Let's explore the best degrees for a career as a healthcare manager in Australia.
Everyone follows a unique path to health care management. It's not typically a direct entry from university. Educational choices are key. By selecting the right undergraduate major, and later, a healthcare management degree, you can position yourself for leadership roles.
You can take either a clinical or non-clinical route via bachelor programs. The clinical approach involves qualifying as a health professional and then transitioning to management. Top majors here include nursing, medicine, and allied health. Alternatively, the non-clinical route is essentially to qualify in business or IT before moving to health care, with finance, HR, and marketing being standout majors.
For experienced professionals, especially those with hands-on healthcare exposure, master's degrees such as the Master of Health Management and Master of Health Service Management are on offer.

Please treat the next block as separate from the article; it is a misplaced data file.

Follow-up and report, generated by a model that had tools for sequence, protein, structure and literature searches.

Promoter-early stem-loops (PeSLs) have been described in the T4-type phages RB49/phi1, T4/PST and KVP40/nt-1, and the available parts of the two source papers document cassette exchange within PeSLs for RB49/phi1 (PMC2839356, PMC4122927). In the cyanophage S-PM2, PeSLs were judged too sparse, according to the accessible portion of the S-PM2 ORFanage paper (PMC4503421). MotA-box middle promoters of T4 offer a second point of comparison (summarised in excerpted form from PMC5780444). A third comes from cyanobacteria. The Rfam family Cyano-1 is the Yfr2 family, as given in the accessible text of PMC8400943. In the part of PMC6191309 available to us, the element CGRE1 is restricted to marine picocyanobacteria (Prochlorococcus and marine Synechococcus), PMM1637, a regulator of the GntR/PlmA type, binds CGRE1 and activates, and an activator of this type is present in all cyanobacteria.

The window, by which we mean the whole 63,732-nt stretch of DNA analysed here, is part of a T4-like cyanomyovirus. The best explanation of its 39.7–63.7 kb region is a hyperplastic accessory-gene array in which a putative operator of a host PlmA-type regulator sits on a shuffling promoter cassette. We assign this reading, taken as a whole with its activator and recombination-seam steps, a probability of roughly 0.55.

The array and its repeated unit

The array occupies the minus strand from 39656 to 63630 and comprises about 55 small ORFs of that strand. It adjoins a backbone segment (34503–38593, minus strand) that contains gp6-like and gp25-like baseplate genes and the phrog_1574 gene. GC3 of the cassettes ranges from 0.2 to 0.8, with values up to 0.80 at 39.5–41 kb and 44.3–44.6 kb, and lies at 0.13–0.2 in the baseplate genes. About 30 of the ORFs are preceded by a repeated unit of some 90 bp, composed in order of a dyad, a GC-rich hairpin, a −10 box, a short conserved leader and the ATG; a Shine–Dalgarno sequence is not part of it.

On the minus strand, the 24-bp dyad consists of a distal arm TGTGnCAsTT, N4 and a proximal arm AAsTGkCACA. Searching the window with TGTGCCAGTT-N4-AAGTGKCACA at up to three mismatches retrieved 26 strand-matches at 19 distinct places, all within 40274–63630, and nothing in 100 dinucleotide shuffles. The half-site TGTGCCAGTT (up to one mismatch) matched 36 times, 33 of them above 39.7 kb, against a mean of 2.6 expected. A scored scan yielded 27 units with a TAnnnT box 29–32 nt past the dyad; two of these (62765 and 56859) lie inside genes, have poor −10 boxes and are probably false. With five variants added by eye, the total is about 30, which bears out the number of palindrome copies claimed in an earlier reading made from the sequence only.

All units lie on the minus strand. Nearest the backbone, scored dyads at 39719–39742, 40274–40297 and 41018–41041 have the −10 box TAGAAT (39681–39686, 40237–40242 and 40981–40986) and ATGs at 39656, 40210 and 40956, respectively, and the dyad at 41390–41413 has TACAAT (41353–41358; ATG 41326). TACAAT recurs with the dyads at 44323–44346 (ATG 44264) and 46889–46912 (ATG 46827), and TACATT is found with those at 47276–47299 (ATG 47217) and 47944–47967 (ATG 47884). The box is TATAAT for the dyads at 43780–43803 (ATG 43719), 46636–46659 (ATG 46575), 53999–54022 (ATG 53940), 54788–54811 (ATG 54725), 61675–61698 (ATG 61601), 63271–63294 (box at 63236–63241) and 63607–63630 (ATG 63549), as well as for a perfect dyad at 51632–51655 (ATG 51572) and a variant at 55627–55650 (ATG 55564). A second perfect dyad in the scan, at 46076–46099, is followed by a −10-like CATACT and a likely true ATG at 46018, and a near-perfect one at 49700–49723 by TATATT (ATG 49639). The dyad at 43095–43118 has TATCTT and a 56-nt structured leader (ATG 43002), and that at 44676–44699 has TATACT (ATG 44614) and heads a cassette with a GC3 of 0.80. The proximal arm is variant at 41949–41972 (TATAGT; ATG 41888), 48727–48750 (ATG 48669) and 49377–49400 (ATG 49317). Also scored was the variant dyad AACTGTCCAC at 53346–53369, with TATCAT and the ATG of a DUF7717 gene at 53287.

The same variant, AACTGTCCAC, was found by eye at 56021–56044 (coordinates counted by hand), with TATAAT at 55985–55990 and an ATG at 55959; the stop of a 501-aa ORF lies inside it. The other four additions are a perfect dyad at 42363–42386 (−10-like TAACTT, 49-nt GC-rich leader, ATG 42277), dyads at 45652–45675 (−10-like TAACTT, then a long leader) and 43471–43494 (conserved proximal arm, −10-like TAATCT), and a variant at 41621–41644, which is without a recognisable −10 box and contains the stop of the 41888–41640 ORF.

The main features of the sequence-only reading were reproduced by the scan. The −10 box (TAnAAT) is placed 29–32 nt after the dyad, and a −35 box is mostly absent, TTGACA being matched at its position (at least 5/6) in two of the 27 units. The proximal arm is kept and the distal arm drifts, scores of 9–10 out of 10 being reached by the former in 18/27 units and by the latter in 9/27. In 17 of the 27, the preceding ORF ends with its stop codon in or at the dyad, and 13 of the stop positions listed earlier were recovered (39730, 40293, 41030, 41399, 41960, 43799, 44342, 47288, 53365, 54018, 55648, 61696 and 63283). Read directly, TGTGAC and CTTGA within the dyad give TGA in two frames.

The best bachelor-degree majors for a career in health care can be categorised into health and non-health subjects. Health majors allow you to select a field of work you're passionate about. Good non-health majors provide transferable skills of value within medical and welfare organisations.
(a) Health degrees
The most common path to becoming a healthcare manager is to (a) do a bachelor degree in a health discipline, (b) qualify to work in this field, (c) gain experience, and (d) transition into management through on-the-job experience and postgraduate education.
Which bachelor's degree you choose is a big decision and hinges on your academic achievements and career preferences. Suitable majors to eventually work as a manager include:
- Occupational Therapy
- Public Health
- Social Work
- Medical Imaging
- Health Informatics
- Dietetics and Nutrition
- Speech Pathology
- Clinical Psychology
- Biomedical Science
Your choice of major will not only shape the early stages of your career but will also influence the trajectory of future managerial roles.
Related: Health Degrees in Australia
(b) Non-health degrees